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April 1990, Volume 40, Issue 4

Original Article


Rafiq M. Khanani  ( Department of Pathology, Sind Medical College, Karachi. )
Amtul Hafeez  ( Department of Microbiology, Basic Medical Sciences Institute, Jinnah Postgraduate Medical Centre, Karachi. )
S.M. Rab  ( Department of Medicine, Jinnah Postgraduate Medical Centre, Karachi. )
Suraiya Rasheed  ( Laboratory of Viral Oncology and AIDS Research, Department of Pathology, University of Southern California, Los Angeles. )


In a seroepidemiological study for the prevalence of HIV infection in Pakistan, individuals from different groups were tested for HIV antibodies using ELISA. Positive results were confirmed by western blot. Out of 413 individuals screened four were found positive by ELISA, of these three were confirmed by western blot. Two cases were foreign nationals visiting Pakistan, one of them died of full blown AIDS, the other did not show any AIDS related condition. The third case was a Pakistani national who presented with full blown AIDS with toxoplasmosis. To our knowledge this is the first case of full blown AIDS reported in a Pakistani national. The fourth case was an asymptomatic promiscuous lady who could not be traced further. Blood transfusions abroad and sexual contacts were responsible for HIV infection in these cases (JPMA 40 : 82, 1990).


Acquired Immunodeficiency Syndrome (AIDS) is a viral disease caused by a human T-Cell Lymphotropic retrovirus1 now designated as Human Immunodeficiency Virus (HIV) by the International Committee on Taxonomy of Viruses2. The clinical spectrum of HIV infection appears increasingly complexand varies from a transient flu like illness3 to a  prolonged debilitating condition with most devastating opportunistic infections4 and  malignancies5. The cumulative number of reported cases of AIDS is growing as a cubic function of time and it is estimated that between five and ten million people have been infected with human immunodeficiency virus worldwide6. HIV infection among homosexual men is 30 to 50 times as common as AIDS and it may be even higher in haemophiliacs7. High risk groups include homosexual men, parentral drug users, recipients of blood and blood products, promiscuous heterosexual males, prostitutes, spouses of persons at increased risk and children born to the mothers at high risk8. According to Mann6, three patterns of HIV infection can be recognized. The first pattern, typified by North America, Europe, Australia and  New Zealand involves the areas where the virus has been present for several years and the major groups infected are homosexual and bisexual men and intravenous drug users. The second pattern is typified by Africa and Haiti where the major mode of spread appears to be heterosexual from man to woman and woman to man. The third pattern is an Asian pattern. Here most infections with HIV appear to have resulted from exposure to blood or blood products from the industrialized countries or sexual contact with men or women from countries where AIDS is prevalent. However, in these parts of the world the virus is relatively rare and much can be done at, this stage to limit the spread of HIV infection and AIDS. The present study was conducted to find out if there is any indication of HIV infection in Pakistan. Representative individuals from various high risk groups were investigated for antibodies to HIV.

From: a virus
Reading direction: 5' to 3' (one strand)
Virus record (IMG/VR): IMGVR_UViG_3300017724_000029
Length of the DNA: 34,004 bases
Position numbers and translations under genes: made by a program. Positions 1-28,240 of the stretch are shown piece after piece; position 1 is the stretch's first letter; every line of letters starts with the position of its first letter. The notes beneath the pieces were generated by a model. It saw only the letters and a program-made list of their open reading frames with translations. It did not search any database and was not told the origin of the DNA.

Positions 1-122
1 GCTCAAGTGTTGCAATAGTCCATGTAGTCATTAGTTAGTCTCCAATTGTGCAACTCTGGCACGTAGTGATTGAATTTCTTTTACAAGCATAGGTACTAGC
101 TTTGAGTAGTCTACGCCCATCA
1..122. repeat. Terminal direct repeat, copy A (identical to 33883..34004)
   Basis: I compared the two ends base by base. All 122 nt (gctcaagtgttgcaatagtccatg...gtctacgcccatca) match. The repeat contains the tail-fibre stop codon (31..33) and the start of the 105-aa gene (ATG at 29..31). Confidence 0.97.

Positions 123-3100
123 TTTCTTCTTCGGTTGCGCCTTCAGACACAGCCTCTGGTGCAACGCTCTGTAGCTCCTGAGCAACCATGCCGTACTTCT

Four hundred and thirteen cases belonging to the high risk groups were investigated in a hierarchial mann. (Table I).

1. Professional blood donors
Most of the individuals were poor, and earned their living by donating approximately four to eight units of blood per month. Of these, 160 donors also had used illicit drugs primarily by inhalation and some parenterally also. Only 44 donors admitted their indulgence in promiscuous sexual activities and 21 admitted homosexual practice at some time during their lives.